Other systems that reinforce the cycle of poverty—inferior schools and community infrastructure; poorly protected neighborhoods and unchecked child abuse; environmental pollution; or lack of health care, public transportation and green space—could face legal challenges or new laws.
As one who is swayed by research findings and who believes that public education can make a difference, I would readily support any legislation that addressed the findings of researchers like Clancy Blair. But as one who witnesses legislators who deny climate change, who demonize teachers instead of making investments of any kind in public schools, and who want cheap, fast, and easy fixes to the complicated problems cited in this article, I fear that nothing will happen…. and the results of doing nothing will be an increase in the kind of heartless children like those described at the beginning of the article: ones who can witness a videotape of Malala Yousafzai and feel “nothing”. If we spend nothing on the improvement of social development we will get children who feel nothing.
As readers of this blog realize, I have long been dismayed over the passage of the misnomered “Every Student Succeeds Act” or ESSA. My primary concern over the passage of the bi-partisan bill was that it took public education off the table in the 2016 election and, for all intents and purposes, ensured the continuation of the test-and-punish reform movement that has dramatically increased the number of for-profit charter schools. But having read blurbs about the forthcoming change in Committee Chairs in the House like the one I read earlier this week in my daily Politico feed and countless articles about Senate Education Chair Lamar Alexander’s take on the rules proposed by the Obama administration I am getting the sickening feeling that the Republicans have once again hoodwinked the Democrats in crafting this bill… and if Mr. Trump gets elected it is conceivable that the gutting of public education will proceed at a breakneck pace.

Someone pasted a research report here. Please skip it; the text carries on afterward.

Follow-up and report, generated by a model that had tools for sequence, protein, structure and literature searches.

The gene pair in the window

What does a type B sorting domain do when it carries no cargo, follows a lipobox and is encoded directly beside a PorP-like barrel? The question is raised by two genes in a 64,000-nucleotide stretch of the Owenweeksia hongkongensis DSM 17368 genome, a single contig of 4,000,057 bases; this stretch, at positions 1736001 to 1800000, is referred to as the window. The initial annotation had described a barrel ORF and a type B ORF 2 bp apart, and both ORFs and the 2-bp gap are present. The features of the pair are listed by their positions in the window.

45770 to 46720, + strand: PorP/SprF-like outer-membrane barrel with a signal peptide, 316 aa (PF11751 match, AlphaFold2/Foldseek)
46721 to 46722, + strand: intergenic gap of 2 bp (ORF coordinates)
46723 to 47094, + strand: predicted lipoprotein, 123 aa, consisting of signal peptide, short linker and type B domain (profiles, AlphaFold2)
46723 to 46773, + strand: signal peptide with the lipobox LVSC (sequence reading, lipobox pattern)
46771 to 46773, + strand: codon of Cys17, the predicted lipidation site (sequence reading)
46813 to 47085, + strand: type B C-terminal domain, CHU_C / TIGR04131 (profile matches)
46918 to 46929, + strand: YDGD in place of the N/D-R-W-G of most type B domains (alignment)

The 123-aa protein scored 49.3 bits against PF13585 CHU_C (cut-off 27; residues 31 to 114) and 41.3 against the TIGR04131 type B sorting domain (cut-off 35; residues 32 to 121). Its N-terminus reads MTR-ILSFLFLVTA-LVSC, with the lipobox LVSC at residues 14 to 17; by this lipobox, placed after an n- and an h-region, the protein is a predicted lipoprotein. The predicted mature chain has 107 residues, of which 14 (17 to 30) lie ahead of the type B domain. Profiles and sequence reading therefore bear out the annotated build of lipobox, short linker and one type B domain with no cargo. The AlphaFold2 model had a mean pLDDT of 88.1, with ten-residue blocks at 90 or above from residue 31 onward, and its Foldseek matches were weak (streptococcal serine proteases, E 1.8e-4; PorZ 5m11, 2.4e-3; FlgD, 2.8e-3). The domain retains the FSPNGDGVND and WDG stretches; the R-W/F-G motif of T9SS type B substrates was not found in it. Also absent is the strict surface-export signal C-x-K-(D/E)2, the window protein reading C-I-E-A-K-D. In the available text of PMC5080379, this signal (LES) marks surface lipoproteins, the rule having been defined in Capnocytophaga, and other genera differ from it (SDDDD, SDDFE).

Here are examples of the issues that are subject to different interpretations depending on who’s in the White House:
- Portability of Federal Funds: Some of the Republican legislators seem to think there is a way the Education Department could give a green light to the use of federal funds for private schools— including those with Religious affiliations. After reading about Mr. Trump’s ideas about the Federal role in public education, it is evidence that should he be elected and the House and Senate remain in the hands of his party we can expect an interpretation of the ESSA bill that allows for vouchers… and if there is any pushback, he’ll make sure that such a clarifying bill is passed with or without the support of the Democrats.
- Supplement versus Supplant: It is abundantly clear that the Republicans believe the ESSA law does NOT mandate that federal funds be used to supplement local funds. They do not see the federal role to be one of providing equalized opportunity. Rather, they are comfortable with federal funds being used to replace local funds and if that results in lower per pupil spending in districts serving poor children so be it.